Climate breakdown, Covid-19 and racial injustice are all symptoms of a toxic system that is driving us to extinction.
MPs returning to Parliament in September will face a blockade by XR as the activist group resumes live protests which have been on hold during the pandemic.
The world was at an intersection in crises, XR said. “Climate breakdown, Covid-19 and racial injustice are all symptoms of a toxic system that is driving us to extinction – a system built on economic inequality, extraction, the destruction of nature, and exploitation. We cannot carry on like this. The system is killing us.”
The government had ignored warnings about coronavirus, and was now ignoring warnings about climate change, it added.
As the UK emerges from lockdown, there was an opportunity to make the necessary changes, it said. “But business-as-usual is fighting to regain its hold. We can’t let that happen,” it said.
Activists will stage a peaceful blockade of Parliament on 1 September, the day Parliamentary business resumes after the summer break. XR also promised disruption in Cardiff, the North and Scotland, though did not go into details on what form that would take.
There will also be “high impact disruption” around the country over the August bank holiday weekend, organised by local groups.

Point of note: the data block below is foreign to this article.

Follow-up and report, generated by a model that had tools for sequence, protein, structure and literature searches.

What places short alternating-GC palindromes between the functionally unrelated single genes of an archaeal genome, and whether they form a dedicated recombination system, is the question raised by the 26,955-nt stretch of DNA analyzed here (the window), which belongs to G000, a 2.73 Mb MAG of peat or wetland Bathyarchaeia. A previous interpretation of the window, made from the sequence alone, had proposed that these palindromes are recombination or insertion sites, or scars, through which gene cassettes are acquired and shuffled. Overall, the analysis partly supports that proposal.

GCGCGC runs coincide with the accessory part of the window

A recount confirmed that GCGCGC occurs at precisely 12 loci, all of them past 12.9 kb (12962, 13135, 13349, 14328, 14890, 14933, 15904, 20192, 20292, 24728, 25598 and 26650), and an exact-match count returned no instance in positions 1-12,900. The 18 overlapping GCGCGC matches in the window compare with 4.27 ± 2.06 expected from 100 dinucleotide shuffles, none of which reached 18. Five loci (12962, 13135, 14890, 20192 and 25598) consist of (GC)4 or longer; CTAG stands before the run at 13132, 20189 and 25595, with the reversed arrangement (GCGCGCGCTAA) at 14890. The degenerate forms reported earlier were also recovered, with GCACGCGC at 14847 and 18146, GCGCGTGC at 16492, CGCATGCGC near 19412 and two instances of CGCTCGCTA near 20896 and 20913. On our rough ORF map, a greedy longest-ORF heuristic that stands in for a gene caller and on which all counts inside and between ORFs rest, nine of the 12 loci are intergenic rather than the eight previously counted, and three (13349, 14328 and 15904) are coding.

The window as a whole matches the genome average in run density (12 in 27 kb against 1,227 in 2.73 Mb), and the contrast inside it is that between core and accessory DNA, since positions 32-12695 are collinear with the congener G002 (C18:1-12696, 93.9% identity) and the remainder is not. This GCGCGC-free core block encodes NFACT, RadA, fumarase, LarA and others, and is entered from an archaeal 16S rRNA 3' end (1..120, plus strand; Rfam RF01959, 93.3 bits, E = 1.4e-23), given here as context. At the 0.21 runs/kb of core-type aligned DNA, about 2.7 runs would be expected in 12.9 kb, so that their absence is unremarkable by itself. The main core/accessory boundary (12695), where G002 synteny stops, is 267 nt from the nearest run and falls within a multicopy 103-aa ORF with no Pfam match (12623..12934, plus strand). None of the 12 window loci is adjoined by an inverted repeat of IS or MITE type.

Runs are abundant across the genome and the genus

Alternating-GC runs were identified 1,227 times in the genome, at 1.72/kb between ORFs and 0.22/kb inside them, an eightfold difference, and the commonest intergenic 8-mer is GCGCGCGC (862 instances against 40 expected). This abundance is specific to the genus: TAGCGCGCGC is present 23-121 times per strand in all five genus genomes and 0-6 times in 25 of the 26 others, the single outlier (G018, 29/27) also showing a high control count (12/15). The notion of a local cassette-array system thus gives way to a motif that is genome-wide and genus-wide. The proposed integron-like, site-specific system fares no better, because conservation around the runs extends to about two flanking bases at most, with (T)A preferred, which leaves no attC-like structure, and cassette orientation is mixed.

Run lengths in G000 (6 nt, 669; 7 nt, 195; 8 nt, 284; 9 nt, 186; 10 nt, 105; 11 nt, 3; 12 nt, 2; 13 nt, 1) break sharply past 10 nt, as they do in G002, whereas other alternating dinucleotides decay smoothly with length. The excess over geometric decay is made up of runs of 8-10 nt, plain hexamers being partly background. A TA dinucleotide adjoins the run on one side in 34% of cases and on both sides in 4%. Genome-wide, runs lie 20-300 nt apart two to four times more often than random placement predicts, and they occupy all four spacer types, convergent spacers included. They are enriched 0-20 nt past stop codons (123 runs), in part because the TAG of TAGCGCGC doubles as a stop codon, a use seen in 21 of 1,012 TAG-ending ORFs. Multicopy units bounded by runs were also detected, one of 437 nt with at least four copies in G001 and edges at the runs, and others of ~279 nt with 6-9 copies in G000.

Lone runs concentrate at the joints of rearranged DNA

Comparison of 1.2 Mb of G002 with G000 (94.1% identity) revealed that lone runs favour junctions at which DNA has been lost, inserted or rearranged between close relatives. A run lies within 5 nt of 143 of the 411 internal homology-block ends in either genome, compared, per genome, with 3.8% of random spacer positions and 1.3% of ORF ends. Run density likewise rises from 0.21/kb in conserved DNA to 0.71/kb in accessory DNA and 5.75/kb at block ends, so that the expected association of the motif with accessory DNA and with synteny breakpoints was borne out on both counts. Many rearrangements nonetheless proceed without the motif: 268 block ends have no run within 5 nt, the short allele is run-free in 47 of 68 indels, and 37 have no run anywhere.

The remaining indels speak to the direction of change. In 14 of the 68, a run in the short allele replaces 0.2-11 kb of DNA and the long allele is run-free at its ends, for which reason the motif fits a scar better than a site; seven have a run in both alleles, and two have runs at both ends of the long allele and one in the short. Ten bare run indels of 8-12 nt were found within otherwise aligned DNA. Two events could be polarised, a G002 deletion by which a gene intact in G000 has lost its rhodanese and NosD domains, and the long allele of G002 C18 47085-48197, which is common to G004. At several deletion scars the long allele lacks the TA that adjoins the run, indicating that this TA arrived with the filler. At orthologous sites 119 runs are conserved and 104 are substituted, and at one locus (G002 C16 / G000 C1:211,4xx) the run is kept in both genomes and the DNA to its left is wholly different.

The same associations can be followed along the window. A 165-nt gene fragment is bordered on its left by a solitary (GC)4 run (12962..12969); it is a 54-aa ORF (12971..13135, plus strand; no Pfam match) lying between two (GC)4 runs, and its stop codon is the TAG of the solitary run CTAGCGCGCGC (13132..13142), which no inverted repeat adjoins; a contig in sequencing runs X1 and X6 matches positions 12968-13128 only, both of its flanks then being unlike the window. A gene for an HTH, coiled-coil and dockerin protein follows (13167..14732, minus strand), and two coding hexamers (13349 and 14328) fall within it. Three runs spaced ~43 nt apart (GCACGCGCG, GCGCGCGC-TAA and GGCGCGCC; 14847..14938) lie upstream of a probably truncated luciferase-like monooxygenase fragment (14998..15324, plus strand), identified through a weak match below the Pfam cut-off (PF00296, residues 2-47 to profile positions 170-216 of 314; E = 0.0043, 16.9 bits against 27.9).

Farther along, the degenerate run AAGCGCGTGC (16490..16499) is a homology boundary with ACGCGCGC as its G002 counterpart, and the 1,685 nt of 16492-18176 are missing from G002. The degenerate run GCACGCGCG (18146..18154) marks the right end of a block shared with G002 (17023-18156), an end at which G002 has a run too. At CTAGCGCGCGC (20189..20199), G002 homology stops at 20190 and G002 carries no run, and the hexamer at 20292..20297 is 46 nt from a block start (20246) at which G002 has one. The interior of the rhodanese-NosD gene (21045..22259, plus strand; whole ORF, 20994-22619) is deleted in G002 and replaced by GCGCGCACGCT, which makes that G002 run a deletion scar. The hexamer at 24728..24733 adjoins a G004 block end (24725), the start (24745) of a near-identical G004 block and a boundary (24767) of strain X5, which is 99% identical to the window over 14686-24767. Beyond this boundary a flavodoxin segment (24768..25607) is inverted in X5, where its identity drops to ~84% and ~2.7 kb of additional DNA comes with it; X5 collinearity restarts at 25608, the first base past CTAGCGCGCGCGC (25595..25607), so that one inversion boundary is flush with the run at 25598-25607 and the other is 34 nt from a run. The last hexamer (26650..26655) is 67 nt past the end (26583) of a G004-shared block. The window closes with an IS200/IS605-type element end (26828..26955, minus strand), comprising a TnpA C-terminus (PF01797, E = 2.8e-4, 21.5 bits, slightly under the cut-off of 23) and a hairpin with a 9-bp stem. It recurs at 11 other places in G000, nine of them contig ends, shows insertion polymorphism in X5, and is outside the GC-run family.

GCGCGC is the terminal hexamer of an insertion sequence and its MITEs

“Beautiful, creative, high impact actions focused on our frustrations at government inaction and local issues will occur like waves in regions and nations across the bank holiday weekend, popping up all over the place, leading to a direct show of strength from 1 September,” it said.
A digital protest will take place for those who cannot travel. This will involve spamming the social media accounts, email addresses, and telephone lines of government offices, and shutting them down online, XR said.
XR is also planning a protest in solidarity with the indigenous peoples of Brazil on 9 August, to sound the alarm on the impact of Covid-19 on these communities, and to raise funds for indigenous rights campaigners the Articulation of the Indigenous Peoples of Brazil.
Catherine Early is a freelance environmental journalist and chief reporter for the Ecologist. She can be found tweeting at @Cat_Early76.